Opened in November 1854 by the London Necropolis Company, the Necropolis Railway sought to solve London's growing problem of overcrowding in its cemeteries. The LNC had recently opened a new cemetery at Brookwood, 37km south-west of London, which was then the largest cemetery in the world and designed to be large enough to accommodate all the deaths anticipated in London for centuries to come.
The first London Necropolis Railway Station was built to serve as its London terminus - next to Waterloo Station the terminus was designed specifically for the use of mourners - a private road allowed for a discreet entrance and exit, and to prevent the need for hearses to stop on the public roads, whilst a windowless wall at the western end maintained privacy from those using the mainline station next door.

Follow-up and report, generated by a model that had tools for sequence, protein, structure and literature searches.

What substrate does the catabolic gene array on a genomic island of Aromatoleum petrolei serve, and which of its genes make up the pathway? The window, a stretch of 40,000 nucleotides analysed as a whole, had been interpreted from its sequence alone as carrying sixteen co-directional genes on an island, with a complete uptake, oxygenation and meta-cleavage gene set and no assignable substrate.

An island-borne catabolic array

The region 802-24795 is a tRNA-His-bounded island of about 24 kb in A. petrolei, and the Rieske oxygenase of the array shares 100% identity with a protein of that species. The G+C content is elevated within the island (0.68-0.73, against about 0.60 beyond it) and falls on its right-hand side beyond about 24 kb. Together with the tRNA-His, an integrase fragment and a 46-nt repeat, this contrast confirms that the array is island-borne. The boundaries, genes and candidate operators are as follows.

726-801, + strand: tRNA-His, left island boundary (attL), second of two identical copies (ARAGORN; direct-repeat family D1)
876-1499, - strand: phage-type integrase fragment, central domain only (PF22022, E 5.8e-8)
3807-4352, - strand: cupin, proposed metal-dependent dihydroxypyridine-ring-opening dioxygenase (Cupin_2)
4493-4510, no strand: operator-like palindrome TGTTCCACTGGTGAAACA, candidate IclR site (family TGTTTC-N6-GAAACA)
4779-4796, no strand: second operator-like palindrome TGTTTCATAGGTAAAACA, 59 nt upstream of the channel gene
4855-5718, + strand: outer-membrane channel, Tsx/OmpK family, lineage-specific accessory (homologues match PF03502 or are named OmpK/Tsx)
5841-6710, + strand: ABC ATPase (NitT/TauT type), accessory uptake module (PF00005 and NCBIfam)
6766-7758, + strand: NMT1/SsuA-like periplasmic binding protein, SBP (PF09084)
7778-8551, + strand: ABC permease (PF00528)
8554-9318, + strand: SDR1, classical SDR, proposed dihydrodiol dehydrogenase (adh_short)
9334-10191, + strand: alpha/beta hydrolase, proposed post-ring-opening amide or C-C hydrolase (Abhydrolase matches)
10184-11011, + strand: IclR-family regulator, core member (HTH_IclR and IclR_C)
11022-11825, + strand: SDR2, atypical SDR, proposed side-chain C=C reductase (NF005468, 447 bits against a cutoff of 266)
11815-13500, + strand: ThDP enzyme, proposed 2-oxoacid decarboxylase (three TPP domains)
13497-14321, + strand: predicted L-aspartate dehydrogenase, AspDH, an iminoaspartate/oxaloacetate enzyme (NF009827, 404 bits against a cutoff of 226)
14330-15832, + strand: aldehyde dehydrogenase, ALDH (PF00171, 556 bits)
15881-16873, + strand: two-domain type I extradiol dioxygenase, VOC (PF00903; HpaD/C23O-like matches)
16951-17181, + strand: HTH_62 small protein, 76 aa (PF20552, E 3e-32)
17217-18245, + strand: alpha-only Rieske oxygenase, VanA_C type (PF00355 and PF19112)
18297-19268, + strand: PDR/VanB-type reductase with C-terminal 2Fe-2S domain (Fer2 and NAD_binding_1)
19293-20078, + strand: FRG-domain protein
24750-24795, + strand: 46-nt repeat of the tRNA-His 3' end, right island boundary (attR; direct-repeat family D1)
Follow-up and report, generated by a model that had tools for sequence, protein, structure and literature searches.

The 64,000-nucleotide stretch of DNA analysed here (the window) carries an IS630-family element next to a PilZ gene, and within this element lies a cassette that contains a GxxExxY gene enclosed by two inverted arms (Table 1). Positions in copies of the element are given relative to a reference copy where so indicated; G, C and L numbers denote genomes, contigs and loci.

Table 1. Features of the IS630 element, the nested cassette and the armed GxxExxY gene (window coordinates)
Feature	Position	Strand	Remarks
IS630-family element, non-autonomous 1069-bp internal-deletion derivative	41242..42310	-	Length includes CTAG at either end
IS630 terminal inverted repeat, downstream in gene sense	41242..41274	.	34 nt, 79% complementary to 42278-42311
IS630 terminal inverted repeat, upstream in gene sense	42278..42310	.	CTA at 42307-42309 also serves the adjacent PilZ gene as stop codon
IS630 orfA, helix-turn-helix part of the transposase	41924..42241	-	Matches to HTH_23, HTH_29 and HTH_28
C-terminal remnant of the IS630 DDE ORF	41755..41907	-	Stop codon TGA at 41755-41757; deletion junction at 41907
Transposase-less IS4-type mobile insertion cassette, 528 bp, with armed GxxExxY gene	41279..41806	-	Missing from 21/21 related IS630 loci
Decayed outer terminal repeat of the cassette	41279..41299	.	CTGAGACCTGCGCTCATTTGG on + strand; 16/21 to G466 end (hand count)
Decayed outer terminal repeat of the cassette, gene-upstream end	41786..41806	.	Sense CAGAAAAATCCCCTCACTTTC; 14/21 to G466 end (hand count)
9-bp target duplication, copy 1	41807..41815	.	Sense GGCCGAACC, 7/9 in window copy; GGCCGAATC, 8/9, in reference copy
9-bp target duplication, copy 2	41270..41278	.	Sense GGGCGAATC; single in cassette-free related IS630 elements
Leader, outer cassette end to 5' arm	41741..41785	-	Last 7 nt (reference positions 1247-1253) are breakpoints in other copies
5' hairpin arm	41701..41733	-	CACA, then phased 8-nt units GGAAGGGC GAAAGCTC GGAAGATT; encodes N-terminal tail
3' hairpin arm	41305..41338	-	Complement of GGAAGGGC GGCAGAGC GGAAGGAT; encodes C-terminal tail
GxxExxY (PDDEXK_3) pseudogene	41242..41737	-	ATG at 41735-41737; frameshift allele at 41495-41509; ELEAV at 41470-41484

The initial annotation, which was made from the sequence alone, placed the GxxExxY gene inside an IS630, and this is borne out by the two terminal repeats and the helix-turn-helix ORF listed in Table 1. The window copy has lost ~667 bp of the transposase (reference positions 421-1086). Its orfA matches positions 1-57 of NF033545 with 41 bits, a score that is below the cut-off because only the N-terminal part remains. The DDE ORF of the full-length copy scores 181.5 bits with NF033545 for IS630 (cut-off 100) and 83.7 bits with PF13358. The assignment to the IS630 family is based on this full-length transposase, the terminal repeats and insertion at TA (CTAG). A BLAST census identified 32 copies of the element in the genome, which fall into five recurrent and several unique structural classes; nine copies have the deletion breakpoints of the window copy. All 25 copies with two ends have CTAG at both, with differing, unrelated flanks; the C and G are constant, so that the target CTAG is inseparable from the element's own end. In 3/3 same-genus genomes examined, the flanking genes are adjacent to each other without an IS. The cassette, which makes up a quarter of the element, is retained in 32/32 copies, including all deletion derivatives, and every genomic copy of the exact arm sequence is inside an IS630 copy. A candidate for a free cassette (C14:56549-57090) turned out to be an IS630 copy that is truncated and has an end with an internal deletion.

The first terminus eventually started to prevent growth at Waterloo, so in 1902 a second station was opened around the corner, which served until demolished in the Blitz in 1941 - never being rebuilt, the Railway closed shortly after the end of the Second World War.
Trains ran along the mainline to Brookwood, where a junction allowed them to be pulled by horses into the two sections of the cemetery, one serving Anglians and the other serving Non-Conformists.